In the early morning hours approximately 156 outdoor weather/emergency sirens wailed horns across Dallas neighborhoods, thanks to a culprit who possibly gained physical access to a centralized broadcast system or, via remote access through phone lines sending signals to individual siren towers. Ordinarily used to alert residence to dangerous weather activity, the horn blasts cast concern upon citizens who reacted by overwhelming 911 emergency dispatch centers. Ultimately, the problem was resolved by crews physically deactivating each system at individual sites.
In what is referred to as a “close access hack”, this event spotlights a need for much more up-to-date emergency alert systems. While this hack is reminiscent of “phone phreaking” that took place in the early 70s and early 80s, it could still have major implications to other antiquated systems should the culprits find they could move laterally within the network. Many cities and municipalities across the country aren’t aware that these potential issues exist because concern about security compromises and hacks haven’t been reality.
It is important that decisionmakers factor in the new era of those with technical acumen using their skills for crime, “hacktivism” or outright mischievous activity. Systems should be built with multiple safeguards in place to restrict both physical and remote access to management controls. However, this technology is expensive and requires commitment from a financial and human capital perspective to ensure the right systems is procured and talent is in place for its management.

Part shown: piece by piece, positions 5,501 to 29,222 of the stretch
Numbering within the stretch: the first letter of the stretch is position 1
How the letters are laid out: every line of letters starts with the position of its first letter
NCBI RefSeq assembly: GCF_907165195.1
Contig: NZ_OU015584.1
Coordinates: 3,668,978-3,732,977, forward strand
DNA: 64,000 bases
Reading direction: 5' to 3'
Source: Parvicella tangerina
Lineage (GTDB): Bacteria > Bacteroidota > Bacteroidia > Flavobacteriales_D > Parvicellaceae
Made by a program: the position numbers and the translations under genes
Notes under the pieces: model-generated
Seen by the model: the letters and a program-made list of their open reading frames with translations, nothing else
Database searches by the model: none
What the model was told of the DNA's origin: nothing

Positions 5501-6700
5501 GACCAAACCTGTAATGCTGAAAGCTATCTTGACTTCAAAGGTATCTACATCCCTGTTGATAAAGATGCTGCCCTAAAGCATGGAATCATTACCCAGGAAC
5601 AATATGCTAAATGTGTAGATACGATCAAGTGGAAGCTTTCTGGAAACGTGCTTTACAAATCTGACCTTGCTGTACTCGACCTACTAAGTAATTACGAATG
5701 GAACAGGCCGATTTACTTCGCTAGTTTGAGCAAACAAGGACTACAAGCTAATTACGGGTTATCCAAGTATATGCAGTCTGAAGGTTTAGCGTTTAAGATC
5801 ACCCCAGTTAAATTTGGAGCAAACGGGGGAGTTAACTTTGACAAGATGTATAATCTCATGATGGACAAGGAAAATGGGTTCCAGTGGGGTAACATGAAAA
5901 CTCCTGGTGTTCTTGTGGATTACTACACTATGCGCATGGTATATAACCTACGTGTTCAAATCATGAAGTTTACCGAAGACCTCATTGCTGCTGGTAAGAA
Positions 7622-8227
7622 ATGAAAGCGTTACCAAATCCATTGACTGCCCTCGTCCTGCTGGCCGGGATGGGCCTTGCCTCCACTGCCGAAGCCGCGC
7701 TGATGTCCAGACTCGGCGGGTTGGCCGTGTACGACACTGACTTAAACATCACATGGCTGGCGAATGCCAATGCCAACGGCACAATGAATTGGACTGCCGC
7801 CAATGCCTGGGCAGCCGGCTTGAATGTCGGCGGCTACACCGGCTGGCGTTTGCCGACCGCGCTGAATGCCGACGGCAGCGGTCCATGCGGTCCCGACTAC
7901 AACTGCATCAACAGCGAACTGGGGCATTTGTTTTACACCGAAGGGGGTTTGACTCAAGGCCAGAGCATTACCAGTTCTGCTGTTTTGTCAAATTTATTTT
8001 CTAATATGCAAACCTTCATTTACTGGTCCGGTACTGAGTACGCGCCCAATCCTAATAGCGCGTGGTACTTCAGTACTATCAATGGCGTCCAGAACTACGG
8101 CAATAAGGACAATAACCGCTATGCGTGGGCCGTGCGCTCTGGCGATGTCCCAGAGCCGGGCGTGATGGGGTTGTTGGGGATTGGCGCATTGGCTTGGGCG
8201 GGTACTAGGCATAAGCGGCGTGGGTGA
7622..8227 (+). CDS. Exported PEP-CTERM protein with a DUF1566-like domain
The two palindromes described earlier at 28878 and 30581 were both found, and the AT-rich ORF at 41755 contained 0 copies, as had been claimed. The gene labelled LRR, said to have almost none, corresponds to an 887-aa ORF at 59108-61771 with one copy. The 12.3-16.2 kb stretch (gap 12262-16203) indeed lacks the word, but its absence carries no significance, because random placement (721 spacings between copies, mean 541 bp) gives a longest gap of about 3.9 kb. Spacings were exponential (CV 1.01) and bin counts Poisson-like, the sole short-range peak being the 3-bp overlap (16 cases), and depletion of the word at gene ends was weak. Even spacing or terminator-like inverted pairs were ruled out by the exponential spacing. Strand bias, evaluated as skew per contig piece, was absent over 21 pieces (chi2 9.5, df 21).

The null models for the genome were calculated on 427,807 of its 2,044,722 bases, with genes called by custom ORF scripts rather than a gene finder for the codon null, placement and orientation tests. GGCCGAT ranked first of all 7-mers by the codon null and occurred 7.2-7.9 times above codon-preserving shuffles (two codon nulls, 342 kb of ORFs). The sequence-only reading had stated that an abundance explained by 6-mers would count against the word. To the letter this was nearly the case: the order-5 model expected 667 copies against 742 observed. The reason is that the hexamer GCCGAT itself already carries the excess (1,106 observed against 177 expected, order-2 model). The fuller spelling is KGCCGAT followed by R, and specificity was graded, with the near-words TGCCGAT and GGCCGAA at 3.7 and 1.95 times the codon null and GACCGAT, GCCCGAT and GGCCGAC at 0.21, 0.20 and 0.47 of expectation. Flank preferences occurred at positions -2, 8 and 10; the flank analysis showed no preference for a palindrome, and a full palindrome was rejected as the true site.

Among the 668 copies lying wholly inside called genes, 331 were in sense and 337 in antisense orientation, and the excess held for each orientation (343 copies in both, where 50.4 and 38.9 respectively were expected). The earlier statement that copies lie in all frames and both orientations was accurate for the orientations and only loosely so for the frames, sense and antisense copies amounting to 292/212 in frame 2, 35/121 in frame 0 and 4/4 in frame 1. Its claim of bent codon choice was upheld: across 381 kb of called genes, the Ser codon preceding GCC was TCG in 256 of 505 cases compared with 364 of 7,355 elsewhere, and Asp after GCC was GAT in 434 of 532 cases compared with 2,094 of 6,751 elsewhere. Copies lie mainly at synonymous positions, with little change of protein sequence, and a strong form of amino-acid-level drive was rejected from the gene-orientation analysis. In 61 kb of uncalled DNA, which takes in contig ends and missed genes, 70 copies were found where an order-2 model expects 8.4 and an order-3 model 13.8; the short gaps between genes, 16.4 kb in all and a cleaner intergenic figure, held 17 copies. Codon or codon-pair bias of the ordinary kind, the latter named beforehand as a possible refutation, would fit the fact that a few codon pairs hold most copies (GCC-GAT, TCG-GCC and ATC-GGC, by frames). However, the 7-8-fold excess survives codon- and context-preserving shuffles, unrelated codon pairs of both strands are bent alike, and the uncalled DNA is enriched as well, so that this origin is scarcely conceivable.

In addition to limited funding for the recruitment of talent for required upgrades to emergency management and other critical infrastructure, there are currently no standards or guidelines on the safe, secure way to implement and manage public safety systems. Without a baseline of regulations to follow, cyber security is often a guessing game for many organizations. The lack of consistency among municipalities creates evermore concerns if an emergency county and state lines.
The Ultimate Goal
One might ask, what was the goal of this system compromise in Dallas? There doesn’t seem to be an immediate ROI or payout. The concern is that this could lead to ransomware scenarios where a city could be frozen out of its critical systems unless extortion is paid.
With ransomware attacks and payout amounts on the rise, this could indeed be the case unless states receive more funding and education to assist cities and municipalities to conduct penetration testing on their systems for weaknesses and vulnerabilities. Quiltwork legacy systems present a major problem that could potentially result in massive amounts of time, manpower and money to correct if an intruder gains access and takes control.
While only a nuisance Saturday morning, and no apparent harm was done, this type of attack has the potential to have a far more damaging potential if not managed properly. As with a good majority of cyber security issues, private and public sectors need to come together to address what is broken and establish national standards and guidelines to dictate public safety and other critical infrastructure systems should be designed going forward.